ISTANBUL — Turkish President Recep Tayyip Erdoğan appears set to extend his leadership of the influential NATO member after seeing the biggest challenge to his 20-year rule.
Early results from Sunday’s crucial election suggest Erdoğan got five more years in power after a vote that was closely watched from Washington and kyiv to Moscow and Beijing. Preliminary results suggest he won 59.7% of the vote, according to the official Anadolu news agency.
Opposition candidate Kemal Kilicdaroglu, who has pledged to restore democracy, is trailing with 42.91% of the vote, according to Anadolu.
Erdoğan’s apparent triumph on the centenary of the Turkish Republic comes after one of the most contested presidential elections in recent times.
Voters returned to the polls for the second round after Erdoğan and Kilicdaroglu each failed to secure more than 50% of the vote in the May 14 first round of voting.
Although Turkey is a NATO ally and holds elections, the country of 84 million has slid further into authoritarianism under Erdoğan and has maintained close ties with Russia.
Kilicdaroglu, the joint candidate of an alliance of opposition parties, has pledged to reverse the country’s tilt away from democracy.
It was an opportunity for change in a country where Erdoğan’s AK party has been in power since 2002. Erdoğan, 69, became prime minister the following year and began serving as president in 2014 .
Erdoğan lagged in opinion polls following a campaign dominated by the fallout from this year’s devastating earthquake and the country’s economic turmoil. But he led the first round of voting and fell just short of outright victory.
The sharp cost of living crisis dominated the agenda, along with a backlash against millions of Syrian refugees as both candidates sought to bolster their nationalist credentials ahead of the second round.
Kilicdaroglu has led the secular, center-left Republican People’s Party, or CHP, since 2010. He previously said he intended to repatriate the refugees within two years by creating favorable conditions for their return, but he then pledged to send all refugees home once he was elected president.
Erdoğan, meanwhile, courted and secured the support of nationalist politician Sinan Ogan, the former academic who was backed for president by an anti-migrant party but eliminated after finishing third in the first round of voting.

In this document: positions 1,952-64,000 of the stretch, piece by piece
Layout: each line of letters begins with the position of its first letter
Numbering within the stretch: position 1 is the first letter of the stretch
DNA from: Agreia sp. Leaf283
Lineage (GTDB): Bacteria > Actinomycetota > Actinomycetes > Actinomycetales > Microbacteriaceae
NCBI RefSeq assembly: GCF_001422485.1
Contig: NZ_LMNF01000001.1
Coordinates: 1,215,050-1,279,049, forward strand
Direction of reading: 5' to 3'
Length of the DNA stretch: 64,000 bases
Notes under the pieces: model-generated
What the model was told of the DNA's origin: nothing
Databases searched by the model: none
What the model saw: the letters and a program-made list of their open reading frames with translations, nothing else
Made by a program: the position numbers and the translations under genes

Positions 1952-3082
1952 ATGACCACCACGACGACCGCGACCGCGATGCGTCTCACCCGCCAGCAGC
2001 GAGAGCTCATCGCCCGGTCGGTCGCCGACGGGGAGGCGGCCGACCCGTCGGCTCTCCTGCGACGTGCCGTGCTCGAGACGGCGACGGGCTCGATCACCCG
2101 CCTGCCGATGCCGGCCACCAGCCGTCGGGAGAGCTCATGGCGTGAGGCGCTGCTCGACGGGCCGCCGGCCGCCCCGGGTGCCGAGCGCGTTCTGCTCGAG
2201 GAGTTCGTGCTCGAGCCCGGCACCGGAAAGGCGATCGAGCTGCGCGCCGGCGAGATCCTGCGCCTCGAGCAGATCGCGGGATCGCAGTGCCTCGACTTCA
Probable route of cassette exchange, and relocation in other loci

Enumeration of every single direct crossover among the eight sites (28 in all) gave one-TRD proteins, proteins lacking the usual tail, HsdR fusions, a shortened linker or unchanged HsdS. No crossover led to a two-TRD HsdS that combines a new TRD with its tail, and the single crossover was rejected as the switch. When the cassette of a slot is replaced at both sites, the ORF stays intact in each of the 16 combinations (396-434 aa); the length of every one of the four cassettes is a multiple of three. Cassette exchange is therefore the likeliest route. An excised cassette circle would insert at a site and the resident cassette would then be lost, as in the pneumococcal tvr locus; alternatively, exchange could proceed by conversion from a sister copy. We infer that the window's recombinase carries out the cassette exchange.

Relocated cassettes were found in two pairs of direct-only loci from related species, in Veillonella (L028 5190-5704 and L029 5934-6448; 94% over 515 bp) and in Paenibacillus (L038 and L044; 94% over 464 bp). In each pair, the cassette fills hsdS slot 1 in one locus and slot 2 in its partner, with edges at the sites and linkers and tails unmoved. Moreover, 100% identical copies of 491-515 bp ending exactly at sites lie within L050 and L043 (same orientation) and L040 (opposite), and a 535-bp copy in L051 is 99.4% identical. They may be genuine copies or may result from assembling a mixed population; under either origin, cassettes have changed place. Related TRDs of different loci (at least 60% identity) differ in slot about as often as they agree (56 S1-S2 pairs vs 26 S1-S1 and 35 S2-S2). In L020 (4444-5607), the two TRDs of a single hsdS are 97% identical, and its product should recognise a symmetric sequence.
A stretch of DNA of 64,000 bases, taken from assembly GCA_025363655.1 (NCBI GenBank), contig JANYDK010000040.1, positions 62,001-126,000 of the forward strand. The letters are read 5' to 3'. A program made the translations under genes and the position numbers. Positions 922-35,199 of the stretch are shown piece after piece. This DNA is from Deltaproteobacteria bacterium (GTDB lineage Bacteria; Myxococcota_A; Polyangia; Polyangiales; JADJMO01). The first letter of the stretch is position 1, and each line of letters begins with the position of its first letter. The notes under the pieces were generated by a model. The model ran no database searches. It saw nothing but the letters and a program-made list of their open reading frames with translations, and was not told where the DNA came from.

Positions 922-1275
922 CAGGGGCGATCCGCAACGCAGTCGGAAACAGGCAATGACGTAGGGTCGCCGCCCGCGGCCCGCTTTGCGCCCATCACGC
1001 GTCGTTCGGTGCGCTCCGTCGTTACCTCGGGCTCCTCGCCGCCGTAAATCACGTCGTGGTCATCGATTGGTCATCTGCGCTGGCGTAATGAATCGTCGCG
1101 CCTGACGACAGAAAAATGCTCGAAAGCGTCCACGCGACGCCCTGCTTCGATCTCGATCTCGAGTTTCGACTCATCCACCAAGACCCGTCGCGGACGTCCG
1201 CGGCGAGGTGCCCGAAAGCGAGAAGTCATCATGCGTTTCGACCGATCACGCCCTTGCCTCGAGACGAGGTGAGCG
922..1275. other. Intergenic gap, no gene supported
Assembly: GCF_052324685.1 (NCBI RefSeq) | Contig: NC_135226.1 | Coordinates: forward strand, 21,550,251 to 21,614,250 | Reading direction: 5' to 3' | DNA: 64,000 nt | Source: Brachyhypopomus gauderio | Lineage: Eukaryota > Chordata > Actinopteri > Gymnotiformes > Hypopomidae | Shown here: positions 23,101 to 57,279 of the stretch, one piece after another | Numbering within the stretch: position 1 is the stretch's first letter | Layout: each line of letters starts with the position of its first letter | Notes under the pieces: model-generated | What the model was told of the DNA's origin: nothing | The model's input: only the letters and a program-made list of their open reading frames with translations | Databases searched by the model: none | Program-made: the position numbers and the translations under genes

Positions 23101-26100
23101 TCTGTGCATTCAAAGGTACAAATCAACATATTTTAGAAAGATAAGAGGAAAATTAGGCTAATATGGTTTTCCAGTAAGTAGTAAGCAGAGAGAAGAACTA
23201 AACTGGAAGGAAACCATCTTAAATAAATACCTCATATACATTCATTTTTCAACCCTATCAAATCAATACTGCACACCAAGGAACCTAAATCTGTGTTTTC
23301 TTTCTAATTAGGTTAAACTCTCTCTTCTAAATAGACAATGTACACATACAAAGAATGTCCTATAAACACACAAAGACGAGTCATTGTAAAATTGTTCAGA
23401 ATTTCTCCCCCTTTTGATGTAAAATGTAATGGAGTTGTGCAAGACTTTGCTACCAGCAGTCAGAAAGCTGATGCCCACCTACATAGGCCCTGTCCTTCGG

During the election campaign, Ogan said he would consider forcibly returning migrants if necessary.
Ahead of the first round, Erdoğan also raised salaries and pensions, and subsidized electricity and gas bills in a bid to woo voters, while waging a divisive campaign that saw him accuse the opposition of to be “drunkards” in collusion with “terrorists”. He also attacked them for standing up for LGBTQ rights, which he said posed a threat to traditional family values.
Turkey also held parliamentary elections on May 14, and Erdoğan’s alliance of nationalist and Islamist parties won a majority in the 600-seat parliament. As a result, some analysts suggested it would give him an advantage in the second round as voters were unlikely to want a split government.
Kilicdaroglu, a soft-spoken 74-year-old, has earned a reputation as a bridge builder and has recorded videos in his kitchen in an effort to speak to voters during the campaign.
His six-party national alliance has promised to dismantle the executive presidential system that was narrowly voted for in a 2017 referendum. Erdoğan has since centralized power in a 1,000-room palace on the outskirts of Ankara, and it is from from there Turkey’s economic and security policies and its domestic and international affairs are decided.
In addition to returning the country to parliamentary democracy, Kilicdaroglu and the alliance pledged to establish the independence of the judiciary and central bank, institute checks and balances, and reverse democratic backsliding and repression. freedom of expression and dissent under Erdoğan.
The results will have multiple ramifications outside of Turkey, which enjoys a strategic location at the crossroads of Europe and Asia. Despite being a member of NATO, the country maintained close ties with Russia and blocked Sweden’s membership in the Western military alliance.
Turkey has the second-largest armed forces in NATO after the United States, controls the crucial Bosphorus strait and is widely believed to harbor US nuclear missiles on its soil.
Working with the UN, Turkey brokered a vital deal that allowed Ukraine to ship grain across the Black Sea to starving parts of the world.
Neyran Elden reported from Istanbul and Henry Austin from London.